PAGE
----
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Barring a last-minute fix or change of strategy, at midnight Tuesday Hulu.com will switch from a co-host for online video of the Daily Show with Jon Stewart and The Colbert Report to a referral engine for the popular shows. Viacom (NYSE: VIA) execs like to call it a test but after 21 months it’s become a habit for those who relied on Hulu for one-stop viewing.
Viacom CEO Philippe Dauman told investors at a Credit Suisse conference the 21-month stint was a test and this doesn’t have to be a permanent separation. “In the current economic model, there is not that much in it for us to continue at this time,” Dauman said, according to Multichannel News. “If they can get to the point where the monetization model is better, then we may go back.”
What does the change actually mean for the two in terms of video numbers? No one outside of the Disney-News Corp.-NBC Universal (NYSE: GE) joint venture can be sure how much video traffic Stephen Colbert and Jon Stewart actually account for on the video portal and even though it may look possible, we aren’t likely to get a good clue when the March and April video rankings come out. On the surface, it looks like Viacom, which has been neck and neck with Hulu this past year, should gain some ground. But the actual effect of losing one or two shows or gaining the video traffic from them is much harder to gauge. Comedy Central wanted a better deal from Hulu because it thinks the two shows are more valuable; without that deal, they hope to raise the value to Viacom and MTV Networks by taking it all in house.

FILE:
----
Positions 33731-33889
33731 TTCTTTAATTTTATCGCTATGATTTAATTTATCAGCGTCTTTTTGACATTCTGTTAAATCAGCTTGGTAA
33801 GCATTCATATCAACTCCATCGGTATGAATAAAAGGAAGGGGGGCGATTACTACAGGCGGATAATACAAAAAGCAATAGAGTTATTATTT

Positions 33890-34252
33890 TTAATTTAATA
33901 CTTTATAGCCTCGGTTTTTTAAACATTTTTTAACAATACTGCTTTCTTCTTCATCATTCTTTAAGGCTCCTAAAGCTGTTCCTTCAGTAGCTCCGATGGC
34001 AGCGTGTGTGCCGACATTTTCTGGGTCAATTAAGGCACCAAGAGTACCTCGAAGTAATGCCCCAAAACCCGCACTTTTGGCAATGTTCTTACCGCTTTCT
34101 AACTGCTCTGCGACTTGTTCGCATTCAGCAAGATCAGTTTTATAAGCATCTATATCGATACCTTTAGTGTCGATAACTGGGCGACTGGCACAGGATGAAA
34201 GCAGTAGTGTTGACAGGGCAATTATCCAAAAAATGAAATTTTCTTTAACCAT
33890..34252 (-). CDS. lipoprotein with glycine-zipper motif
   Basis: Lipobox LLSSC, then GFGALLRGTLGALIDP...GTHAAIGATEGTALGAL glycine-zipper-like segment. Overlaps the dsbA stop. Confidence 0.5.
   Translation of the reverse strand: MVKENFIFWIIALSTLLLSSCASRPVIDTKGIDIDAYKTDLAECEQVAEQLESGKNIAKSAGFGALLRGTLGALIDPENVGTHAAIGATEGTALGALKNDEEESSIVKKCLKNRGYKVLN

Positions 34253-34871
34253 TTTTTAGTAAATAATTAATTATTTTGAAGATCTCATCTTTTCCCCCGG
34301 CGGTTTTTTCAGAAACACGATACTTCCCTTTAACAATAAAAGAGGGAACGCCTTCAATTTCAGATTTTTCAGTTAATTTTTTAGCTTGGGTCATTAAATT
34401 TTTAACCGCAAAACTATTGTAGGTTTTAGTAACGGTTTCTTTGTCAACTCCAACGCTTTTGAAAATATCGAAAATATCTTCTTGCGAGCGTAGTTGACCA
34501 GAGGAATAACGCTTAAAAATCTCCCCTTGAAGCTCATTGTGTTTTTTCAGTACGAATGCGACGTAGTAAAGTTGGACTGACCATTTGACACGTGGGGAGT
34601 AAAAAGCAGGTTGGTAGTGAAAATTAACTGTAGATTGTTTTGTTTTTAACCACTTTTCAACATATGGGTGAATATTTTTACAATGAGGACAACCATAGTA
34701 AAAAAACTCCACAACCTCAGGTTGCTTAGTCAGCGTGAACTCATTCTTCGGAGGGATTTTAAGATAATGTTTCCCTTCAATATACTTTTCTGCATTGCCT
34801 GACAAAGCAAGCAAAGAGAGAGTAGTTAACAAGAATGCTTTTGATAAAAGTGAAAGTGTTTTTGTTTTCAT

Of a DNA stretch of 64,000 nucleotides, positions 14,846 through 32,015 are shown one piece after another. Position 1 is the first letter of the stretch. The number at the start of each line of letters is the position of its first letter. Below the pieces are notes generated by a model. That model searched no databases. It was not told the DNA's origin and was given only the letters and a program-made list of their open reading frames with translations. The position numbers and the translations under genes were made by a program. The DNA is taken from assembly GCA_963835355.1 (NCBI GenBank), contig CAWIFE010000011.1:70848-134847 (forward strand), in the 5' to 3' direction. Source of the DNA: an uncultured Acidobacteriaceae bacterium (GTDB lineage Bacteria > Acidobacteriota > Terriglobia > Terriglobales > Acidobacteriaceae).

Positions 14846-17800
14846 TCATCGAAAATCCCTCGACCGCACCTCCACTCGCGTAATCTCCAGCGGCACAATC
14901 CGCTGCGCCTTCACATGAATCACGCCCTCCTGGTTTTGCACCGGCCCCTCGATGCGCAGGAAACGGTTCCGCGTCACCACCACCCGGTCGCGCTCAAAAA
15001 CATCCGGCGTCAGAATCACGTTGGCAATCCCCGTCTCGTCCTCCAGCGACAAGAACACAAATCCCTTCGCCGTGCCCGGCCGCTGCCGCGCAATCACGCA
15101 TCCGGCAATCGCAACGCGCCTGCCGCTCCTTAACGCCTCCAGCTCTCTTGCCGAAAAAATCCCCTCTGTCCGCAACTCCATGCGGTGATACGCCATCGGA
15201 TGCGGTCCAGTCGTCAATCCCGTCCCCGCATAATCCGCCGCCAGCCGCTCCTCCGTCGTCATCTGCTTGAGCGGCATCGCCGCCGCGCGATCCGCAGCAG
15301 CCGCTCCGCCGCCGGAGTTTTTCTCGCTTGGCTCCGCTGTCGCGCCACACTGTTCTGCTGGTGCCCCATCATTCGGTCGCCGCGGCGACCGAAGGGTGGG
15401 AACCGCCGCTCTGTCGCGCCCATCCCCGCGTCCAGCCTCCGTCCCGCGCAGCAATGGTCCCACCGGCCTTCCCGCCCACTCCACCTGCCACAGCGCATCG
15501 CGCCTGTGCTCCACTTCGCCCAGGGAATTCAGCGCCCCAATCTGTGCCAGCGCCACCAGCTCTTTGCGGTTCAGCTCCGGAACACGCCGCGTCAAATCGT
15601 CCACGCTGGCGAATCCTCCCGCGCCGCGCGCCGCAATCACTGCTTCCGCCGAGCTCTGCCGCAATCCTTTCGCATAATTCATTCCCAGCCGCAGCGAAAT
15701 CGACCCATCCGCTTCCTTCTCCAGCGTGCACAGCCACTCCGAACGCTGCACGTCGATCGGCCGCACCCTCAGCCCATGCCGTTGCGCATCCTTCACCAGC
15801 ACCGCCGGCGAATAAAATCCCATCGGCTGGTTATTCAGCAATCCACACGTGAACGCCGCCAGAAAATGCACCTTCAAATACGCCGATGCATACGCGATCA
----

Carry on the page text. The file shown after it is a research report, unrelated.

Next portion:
Video viewing impact: Thanks to its one-stop status for so many primetime shows, Hulu had a wide lead over everyone but Google (NSDQ: GOOG) for the number of videos viewed in January, according to *comScore* Media Metrix. YouTube/Google served 12.8 billion videos compared with 903 million for Hulu. The portal’s share is estimated at 2.8, Viacom Digital is #5 with 361,228 videos served and a 1.1 share. But when it comes to unique viewers, the two are much closer: Hulu was #5 with 38.4 million, Viacom was #6 with just over 38 million and that’s where the change is likely to be most visible.
And Viacom could still take a hit. Hulu will continue to refer users through its search engine but Stewart and Colbert clips are very popular embed material. Video views accrue through the player so should work to the parent site’s advantage even when embedded elsewhere. But getting people to the right place to grab the embeds could leak some viewers as could the one big difference between the two players: Comedy Central doesn’t allow viewers to make their own clips.